The Sony RX10ii - Video Swiss Army Knife

Posted April 11, 2017 from Bob Krist's submission
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The RX10ii is a dream machine for the traveling multi-media photographer who has to produce and pro quality video (and great stills) with one compact, lightweight, weather-sealed, well-designed camera with a built in 24-200mm f/2.8 (in 35mm equivalent) Zeiss  T* lens! 

Sony RX10ii at ISO 1600 @1/125th of a second on the Boardwalk in Wildwood, NJ Photo © Bob Kris

The RX 10ii has a built in mic jack, headphone jack, and built in 3 stop Neutral Density filter---three of the “Holy Grail” features that are often missing in DSLR and mirrorless video cameras at much higher price points. 


Out for an evening drive in Bucks County, looking for pictures with my pal Reid in his vintage MG….it’s all good! Photo © Bob Krist, RX10i

But that’s not it, there’s more: 


1. It shoots beautiful 4K video internally. No external recorders needed. You get gorgeous, 100mpbs non-artifacting 4K in a very compact footprint.

2. It shoots amazing slow-motion HD footage up to 900+frames per second. It’s true that these faster frame rates-960, 480, 240–are shot at lower resolution than HD and up-rezzed, and you can only record about 2-4 seconds of footage at a time, but still, the creative possibilities are amazing. And the 240fps setting is just slightly less than HD resolution and looks sensational blown up (and that’s a 10x slow mo that is buttery smooth).

3. But the 120fps HD slow motion setting is just a normal mode and you can shoot it all day with no time limit. This is, again, a very fast bit-rate (100mbps) non-pixel binning HD video that looks great and is much easier to shoot than the higher frame rates, which are shootable in two-second clips only. But now for sports, wildlife, etc. you can get amazing slo-mo all day.

4. It now accepts the Sony Playstation apps so you can do timelapses. Yes, if the original RX10 had an Achilles heel, it was its inability to do timelapses…the camera wouldn’t take the app,and there were no wired intervalometers available that would do it throughthe remote terminal. Now, you can use the much improved Sony timelapse app, or there are now also new third party wired intervalometers that mate up with this camera (and the A7 series).

5.There’s now a selectable zoom speed!  Since Sony really spec’ed this camera out for video, in the first version, there was a very smooth, but often painfully s-l-o-w zoom action, whether you used the rocker switch or the zoom collar on the lens. The new model thankfully has a “zoom speed” option in the menu…set the “fast” setting (it’s still not lightning fast) and you’ll be a happy camper.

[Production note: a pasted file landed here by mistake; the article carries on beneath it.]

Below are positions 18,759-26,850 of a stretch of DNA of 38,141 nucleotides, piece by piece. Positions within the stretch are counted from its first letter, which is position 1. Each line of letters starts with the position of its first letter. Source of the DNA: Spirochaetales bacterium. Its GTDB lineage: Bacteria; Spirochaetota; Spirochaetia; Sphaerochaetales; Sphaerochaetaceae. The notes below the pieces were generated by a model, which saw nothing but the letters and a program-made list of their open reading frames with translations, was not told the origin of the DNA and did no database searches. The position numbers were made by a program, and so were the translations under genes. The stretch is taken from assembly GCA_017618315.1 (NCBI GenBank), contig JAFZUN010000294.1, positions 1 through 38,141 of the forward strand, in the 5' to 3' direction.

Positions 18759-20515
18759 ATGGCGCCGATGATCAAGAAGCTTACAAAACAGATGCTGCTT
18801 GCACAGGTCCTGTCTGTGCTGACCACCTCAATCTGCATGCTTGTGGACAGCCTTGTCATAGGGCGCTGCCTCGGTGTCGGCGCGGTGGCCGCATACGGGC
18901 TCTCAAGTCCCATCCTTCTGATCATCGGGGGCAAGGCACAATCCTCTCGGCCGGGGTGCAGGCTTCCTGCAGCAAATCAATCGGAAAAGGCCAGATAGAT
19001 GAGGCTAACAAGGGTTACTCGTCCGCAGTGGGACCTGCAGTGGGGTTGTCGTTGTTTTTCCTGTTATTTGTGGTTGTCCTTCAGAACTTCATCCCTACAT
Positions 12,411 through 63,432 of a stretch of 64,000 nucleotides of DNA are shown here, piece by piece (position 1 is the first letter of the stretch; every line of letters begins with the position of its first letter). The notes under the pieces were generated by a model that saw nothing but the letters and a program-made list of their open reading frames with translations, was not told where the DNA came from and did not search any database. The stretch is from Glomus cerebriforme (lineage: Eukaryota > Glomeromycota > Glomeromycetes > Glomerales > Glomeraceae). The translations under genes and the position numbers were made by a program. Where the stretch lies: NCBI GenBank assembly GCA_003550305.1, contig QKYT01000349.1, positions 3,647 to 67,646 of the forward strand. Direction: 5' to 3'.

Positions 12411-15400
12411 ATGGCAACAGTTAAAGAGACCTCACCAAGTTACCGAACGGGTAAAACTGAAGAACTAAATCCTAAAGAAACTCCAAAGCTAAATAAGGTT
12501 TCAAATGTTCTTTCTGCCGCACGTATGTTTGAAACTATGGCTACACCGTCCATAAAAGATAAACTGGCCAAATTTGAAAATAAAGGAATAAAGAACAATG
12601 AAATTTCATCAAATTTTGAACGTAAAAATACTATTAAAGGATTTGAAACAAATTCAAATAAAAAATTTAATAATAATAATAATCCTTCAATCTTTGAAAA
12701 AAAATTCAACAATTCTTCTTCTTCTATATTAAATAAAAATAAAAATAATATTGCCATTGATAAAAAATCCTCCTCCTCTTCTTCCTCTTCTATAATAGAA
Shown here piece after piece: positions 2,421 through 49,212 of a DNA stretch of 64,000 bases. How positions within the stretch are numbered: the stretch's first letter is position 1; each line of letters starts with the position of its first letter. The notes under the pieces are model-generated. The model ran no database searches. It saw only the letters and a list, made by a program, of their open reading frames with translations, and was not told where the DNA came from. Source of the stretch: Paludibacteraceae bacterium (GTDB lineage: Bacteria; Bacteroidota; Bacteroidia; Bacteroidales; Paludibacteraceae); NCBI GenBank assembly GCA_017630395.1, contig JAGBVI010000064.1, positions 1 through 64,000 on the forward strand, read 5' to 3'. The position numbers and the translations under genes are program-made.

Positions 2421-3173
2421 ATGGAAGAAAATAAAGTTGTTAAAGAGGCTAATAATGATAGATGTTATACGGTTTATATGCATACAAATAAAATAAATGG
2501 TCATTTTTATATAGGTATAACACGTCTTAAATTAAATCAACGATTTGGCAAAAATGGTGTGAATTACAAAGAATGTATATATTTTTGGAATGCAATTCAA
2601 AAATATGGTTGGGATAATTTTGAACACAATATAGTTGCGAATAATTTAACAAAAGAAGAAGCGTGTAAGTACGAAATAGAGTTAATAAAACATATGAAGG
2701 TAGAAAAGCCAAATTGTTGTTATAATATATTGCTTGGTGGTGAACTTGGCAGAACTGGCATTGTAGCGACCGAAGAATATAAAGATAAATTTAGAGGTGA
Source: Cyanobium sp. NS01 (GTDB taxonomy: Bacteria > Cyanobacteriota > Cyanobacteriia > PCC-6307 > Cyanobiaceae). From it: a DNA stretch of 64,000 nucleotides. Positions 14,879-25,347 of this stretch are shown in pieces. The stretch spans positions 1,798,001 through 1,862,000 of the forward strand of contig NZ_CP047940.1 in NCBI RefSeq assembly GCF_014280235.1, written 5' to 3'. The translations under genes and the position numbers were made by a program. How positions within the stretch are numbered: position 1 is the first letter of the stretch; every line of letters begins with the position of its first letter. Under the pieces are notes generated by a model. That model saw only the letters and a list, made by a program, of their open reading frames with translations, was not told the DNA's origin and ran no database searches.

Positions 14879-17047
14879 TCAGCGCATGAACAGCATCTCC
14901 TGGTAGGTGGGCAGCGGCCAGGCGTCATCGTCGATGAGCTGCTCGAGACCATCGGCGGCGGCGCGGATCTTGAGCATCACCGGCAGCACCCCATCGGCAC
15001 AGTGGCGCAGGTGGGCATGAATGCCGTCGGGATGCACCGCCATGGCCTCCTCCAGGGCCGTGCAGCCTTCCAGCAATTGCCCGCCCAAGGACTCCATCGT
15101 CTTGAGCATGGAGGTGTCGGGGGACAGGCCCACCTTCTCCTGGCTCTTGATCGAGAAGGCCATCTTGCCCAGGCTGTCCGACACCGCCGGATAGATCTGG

There’s an easy, heavy duty battery solution for long timelapses and event coverage. Much has been made of how the Sony NP-FW50 batteries for the A7 and RX10 series cameras are not as powerful as one might want, and how you need a few of them to get through the day. This is less of an issue with this camera than its A7 series big brothers, but if you want to run an all-night timelapse, or you have to cover hours-long events (poor you:-), you can now power this camera (as well as the mark II series of the A7s and A7r, and the RX100iv) using the USB port when you select USB Power Supply in the menu.


This is a big deal, because it means you can use that same battery pack that you use to recharge your smartphones on the go to run your camera…no more buying expensive battery solutions that have dummy FW-50 shaped battery modules attached to huge batteries, taking the battery compartment door off, etc. etc. This is clean and simple.

I got two of these 10,000 mAh batteries for $14 each from Amazon (tip of the hat to fellow Sony Artisan Dennis Biela for the lead) and they are relatively compact and will run the cameras all day and most of the night, not to mention power up and charge my iPad and iPod if needed.

A couple of other “unsung” aspects of the RX10 series; it is about the most weather resistant camera in the Sony line…I’ve used mine in pouring rain in Iceland, blowing sand in the Kalahari desert, dirt and dust in a Gobi Desert horse race…you name it and the camera holds up. And video shooters, this is, well, again “yuuuuuge”—it’s a fixed lens (albeit an equivalent 24-200mm f/2.8 zoom) so you never have to worry about sensor dust! 

So, downsides? Yes, there are a few. It’s expensive $1298…but think about the lens range (and the straight f/2.8 aperture) you get with the camera and price it against a DSLR or mirrorless with detachable lenses and think about what you’d spend to cover that zoom range at that speed, and suddenly, you’ll see that it isn’t that expensive.

And although the new backlit 1″ sensor is even better in low light (I’ll shoot the RX10ii happily at up to ISO 3200, a full stop higher than its predecessor), it’s still tricky to get that creamy soft bokeh out of this camera…you need the right conditions. As you know, the smaller the chip, the greater the inherent depth of field, but in the right circumstances (see below) you can get really smooth bokeh…just not as easily as with your full frame or APSC  chipped cameras.

Shot with the RX10 last May. In the right circumstances, you can get nice bokeh with this camera (shot in Rich B&W mode) Photo ©Bob Krist

So there you have it, my admittedly subjective appreciation of my workhorse camera for most of my video work  Do I love my A7sii and my A7Rii? You bet I do, but for run and gun travel video and stills, this is the camera I reach for first.